What is meant by “soul work”? What are some things you can do to improve your soul’s health?
According to Ryan Holiday, doing soul work is the key to happiness and contentment. To begin to heal your soul, you must confront and heal your spiritual wounds, cultivate virtue, and connect to something beyond yourself.
Here’s how to do soul work, according to Ryan Holiday.
Release Toxic Emotions
To do soul work, you should first address the negativity you hold in your soul, such as childhood trauma, anger, desire, and dissatisfaction.
Holiday says that everyone has residual pain from childhood experiences and that you should learn to recognize and heal that pain through self-reflection, self-love, and therapy. We often react to life’s situations from this wounded place, so understanding the roots of our childhood pain will help us avoid that. One way to think about breaking generational patterns of trauma, Holiday suggests, is to think about what you didn’t get as a child, and commit to giving more of that.
Another problem we have in the realm of the soul is toxic emotions. Holiday says the following emotions particularly trip us up:
- Desire: Lust and desire enslave us. We’re never really free if we can’t control our urges. Envy is the most common type of desire that entraps people. When you face temptation, take time to think about the consequences of giving in. Noticing your temptations and resisting them develops spiritual strength and will help you avoid regret.
- Dissatisfaction: Know when you have enough and be content with it so you’re not always chasing “more.” You can’t have peace and stillness while craving more wealth, material possessions, power, and other worldly pursuits.
- Anger: Anger is a destructive force. People who are angry can’t be happy and at peace. We don’t need to just avoid anger—we need to totally defeat it within ourselves. Calming anger requires responding differently to situations. Slow down, take time to process, and react with stillness and clarity instead.
Without a strong moral code to live by, Holiday says you’ll be confused and never have peace. For this reason, stillness requires cultivating virtue in your life, as a means of enriching your soul and guiding your behavior.
A virtuous life is worth living for its own sake, Holidays says, and you can cultivate virtue in yourself by intentionally defining your moral code. To define your moral principles, you should take time to really contemplate what’s important to you. To that end, ask yourself the following:
- How do I want to live?
- What do I stand for?
- What makes life worth living?
- What values would I rather die than not embody?
When you’ve answered these questions and know clearly what your moral principles are, you can call on them in decision-making and use them to guide you through confusion or difficulty.
Holiday says that relationships are one of the most soul-enriching things available to us. He says everything is meaningless and empty if we don’t have love and others to share it with. In fact, stillness is actually more for other people than for ourselves. In addition to providing nourishment for your soul, good relationships will require you to practice your virtuous behaviors, and therefore continue to grow.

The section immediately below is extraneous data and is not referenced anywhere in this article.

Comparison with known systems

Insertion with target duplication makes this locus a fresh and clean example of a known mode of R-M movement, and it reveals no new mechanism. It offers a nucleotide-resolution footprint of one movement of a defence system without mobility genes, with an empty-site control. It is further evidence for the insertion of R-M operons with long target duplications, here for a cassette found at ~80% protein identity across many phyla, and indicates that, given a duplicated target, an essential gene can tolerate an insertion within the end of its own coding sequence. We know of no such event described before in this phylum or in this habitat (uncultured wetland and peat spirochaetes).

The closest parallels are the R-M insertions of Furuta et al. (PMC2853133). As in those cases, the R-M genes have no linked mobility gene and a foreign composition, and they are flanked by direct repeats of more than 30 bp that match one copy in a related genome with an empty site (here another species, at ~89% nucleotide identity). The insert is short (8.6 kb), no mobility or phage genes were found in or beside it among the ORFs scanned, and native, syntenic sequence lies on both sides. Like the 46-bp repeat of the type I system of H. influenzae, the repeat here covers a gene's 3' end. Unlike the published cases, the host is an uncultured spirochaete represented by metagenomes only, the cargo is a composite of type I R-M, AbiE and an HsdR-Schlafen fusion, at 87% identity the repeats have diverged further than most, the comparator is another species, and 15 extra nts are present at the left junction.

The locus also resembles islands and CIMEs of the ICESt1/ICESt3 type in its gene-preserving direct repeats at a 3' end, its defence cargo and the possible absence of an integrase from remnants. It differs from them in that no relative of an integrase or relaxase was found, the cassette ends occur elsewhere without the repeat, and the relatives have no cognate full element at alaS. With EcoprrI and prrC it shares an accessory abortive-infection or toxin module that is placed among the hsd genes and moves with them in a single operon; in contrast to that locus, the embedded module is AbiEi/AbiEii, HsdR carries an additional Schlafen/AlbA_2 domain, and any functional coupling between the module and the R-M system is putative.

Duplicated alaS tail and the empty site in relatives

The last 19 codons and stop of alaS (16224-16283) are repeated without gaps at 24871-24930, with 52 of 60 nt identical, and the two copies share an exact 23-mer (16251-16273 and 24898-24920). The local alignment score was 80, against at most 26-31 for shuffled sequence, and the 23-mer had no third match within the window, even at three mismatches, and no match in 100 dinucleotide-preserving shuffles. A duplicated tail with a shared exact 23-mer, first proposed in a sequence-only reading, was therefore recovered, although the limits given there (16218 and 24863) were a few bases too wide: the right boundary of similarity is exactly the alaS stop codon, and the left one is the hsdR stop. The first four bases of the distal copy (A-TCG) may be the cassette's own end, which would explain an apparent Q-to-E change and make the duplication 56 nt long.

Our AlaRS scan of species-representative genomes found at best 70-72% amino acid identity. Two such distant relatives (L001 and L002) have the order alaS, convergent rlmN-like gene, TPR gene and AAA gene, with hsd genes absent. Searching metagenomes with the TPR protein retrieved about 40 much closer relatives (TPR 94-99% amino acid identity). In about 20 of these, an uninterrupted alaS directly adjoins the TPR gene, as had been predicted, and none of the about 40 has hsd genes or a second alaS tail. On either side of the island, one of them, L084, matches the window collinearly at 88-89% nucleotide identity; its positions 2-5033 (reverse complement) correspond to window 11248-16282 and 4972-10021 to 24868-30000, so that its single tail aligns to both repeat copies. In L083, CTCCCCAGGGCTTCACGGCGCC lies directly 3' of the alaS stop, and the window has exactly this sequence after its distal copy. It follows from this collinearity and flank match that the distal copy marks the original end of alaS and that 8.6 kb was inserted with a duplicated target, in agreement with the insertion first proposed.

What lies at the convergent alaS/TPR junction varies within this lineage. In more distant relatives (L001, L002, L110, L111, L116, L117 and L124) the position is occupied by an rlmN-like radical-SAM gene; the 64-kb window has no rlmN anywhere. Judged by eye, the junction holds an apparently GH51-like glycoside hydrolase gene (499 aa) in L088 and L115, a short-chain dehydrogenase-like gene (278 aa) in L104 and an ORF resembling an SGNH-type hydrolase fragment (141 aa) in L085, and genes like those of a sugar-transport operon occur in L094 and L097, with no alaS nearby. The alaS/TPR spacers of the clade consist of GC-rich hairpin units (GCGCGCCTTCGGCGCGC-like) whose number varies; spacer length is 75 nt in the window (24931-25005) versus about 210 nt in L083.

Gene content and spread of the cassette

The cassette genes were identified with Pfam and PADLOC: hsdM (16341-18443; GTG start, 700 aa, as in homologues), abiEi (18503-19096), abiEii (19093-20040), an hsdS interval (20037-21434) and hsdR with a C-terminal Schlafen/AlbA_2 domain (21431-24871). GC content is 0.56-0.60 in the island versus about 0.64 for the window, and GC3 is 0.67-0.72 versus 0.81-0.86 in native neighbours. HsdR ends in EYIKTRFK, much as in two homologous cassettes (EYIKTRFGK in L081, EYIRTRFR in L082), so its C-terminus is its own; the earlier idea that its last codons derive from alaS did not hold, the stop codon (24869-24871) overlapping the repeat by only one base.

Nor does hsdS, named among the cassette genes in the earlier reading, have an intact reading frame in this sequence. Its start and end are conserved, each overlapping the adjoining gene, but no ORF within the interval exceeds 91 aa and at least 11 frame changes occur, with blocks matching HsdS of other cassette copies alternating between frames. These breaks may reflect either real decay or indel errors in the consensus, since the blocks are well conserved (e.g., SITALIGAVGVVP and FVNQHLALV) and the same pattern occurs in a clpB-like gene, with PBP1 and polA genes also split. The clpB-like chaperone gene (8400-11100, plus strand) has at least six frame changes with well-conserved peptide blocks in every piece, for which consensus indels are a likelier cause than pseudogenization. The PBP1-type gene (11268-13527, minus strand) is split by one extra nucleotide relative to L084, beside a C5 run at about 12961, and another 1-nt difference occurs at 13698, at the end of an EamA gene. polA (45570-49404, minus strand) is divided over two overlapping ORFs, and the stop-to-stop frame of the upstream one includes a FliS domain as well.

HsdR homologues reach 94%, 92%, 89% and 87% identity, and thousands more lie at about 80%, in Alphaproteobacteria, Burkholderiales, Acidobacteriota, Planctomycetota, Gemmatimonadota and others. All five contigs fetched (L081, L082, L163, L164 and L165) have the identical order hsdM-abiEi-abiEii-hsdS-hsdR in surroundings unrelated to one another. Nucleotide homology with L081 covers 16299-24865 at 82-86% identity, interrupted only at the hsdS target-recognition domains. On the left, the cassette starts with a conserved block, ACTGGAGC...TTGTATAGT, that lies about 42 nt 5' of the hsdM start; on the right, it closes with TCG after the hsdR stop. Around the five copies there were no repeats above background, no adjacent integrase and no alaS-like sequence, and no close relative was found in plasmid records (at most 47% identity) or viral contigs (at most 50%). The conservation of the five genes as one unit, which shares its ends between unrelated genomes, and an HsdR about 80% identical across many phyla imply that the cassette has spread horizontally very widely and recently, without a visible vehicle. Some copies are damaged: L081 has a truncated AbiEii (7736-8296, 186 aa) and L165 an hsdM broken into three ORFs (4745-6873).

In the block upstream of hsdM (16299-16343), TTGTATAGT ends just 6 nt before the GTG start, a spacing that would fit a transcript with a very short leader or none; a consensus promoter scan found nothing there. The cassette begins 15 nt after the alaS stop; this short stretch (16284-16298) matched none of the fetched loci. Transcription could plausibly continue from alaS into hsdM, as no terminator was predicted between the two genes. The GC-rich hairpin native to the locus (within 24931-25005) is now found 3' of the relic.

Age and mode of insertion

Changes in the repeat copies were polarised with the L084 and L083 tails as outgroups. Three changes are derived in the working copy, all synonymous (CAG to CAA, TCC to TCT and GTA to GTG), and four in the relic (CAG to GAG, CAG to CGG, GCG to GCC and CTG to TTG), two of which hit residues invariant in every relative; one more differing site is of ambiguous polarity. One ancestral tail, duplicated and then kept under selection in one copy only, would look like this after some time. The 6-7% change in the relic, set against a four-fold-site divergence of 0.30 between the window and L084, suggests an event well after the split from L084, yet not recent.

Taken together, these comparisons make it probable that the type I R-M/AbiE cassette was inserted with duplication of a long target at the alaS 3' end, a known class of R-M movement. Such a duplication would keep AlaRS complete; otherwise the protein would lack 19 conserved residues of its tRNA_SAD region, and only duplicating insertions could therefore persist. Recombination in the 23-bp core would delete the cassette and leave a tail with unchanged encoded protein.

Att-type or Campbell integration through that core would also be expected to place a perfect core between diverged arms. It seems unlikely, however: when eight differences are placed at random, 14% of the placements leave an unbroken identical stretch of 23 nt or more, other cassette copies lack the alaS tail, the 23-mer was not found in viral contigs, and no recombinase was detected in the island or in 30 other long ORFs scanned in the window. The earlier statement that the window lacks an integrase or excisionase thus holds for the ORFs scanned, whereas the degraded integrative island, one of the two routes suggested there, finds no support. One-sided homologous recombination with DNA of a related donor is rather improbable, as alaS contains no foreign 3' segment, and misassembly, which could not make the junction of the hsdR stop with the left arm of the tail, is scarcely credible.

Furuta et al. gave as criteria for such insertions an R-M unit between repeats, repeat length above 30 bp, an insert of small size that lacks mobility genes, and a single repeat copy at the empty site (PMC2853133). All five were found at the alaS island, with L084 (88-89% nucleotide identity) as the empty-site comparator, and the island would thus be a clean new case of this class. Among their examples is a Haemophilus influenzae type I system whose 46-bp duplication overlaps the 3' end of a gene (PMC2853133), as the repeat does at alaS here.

Connect With Something Greater
An important piece of soul development, according to Holiday, is connecting with something greater than yourself. You can think of this as God, a universal energy, or any kind of higher power. He says without a belief that there is something greater beyond us, life is meaningless.
Holiday says that connecting to a higher power contributes to stillness in three ways:
- It allows you to relax, knowing that things are being taken care of on a grander scale. Holiday says putting ourselves at the center of the universe is egotistical, and believing only in the material world leads to nihilism, fragility, and depression. When you remember that there is a higher power and a higher purpose or guiding force in life, you can relax and feel at peace. Putting yourself in perspective of the vastness of the universe can quiet your mind and allow for stillness.
- It gives you a sense of oneness with everything. When you recognize the interconnectedness of all of humanity and all of life—past, present and future—you feel that you’re one with your ancestors and with all of the living world. This kind of connectedness encourages humility and empathy, which lead to forgiveness and understanding.
- It empowers you to accept death without fear. Don’t try to escape death, Holiday says. Knowing how to live well also teaches you how to die well. We spend so much of our life in fear or denial of death instead of living life to the fullest. Remember, your life will end in permanent stillness, so practice it in preparation.
———End of Preview———
Like what you just read? Read the rest of the world's best book summary and analysis of Ryan Holiday's "Stillness Is the Key" at Shortform.
Here's what you'll find in our full Stillness Is the Key summary:
- Why stillness is not just the absence of motion
- How to cultivate stillness in your mind, body, and soul
- Why you should start ignoring the news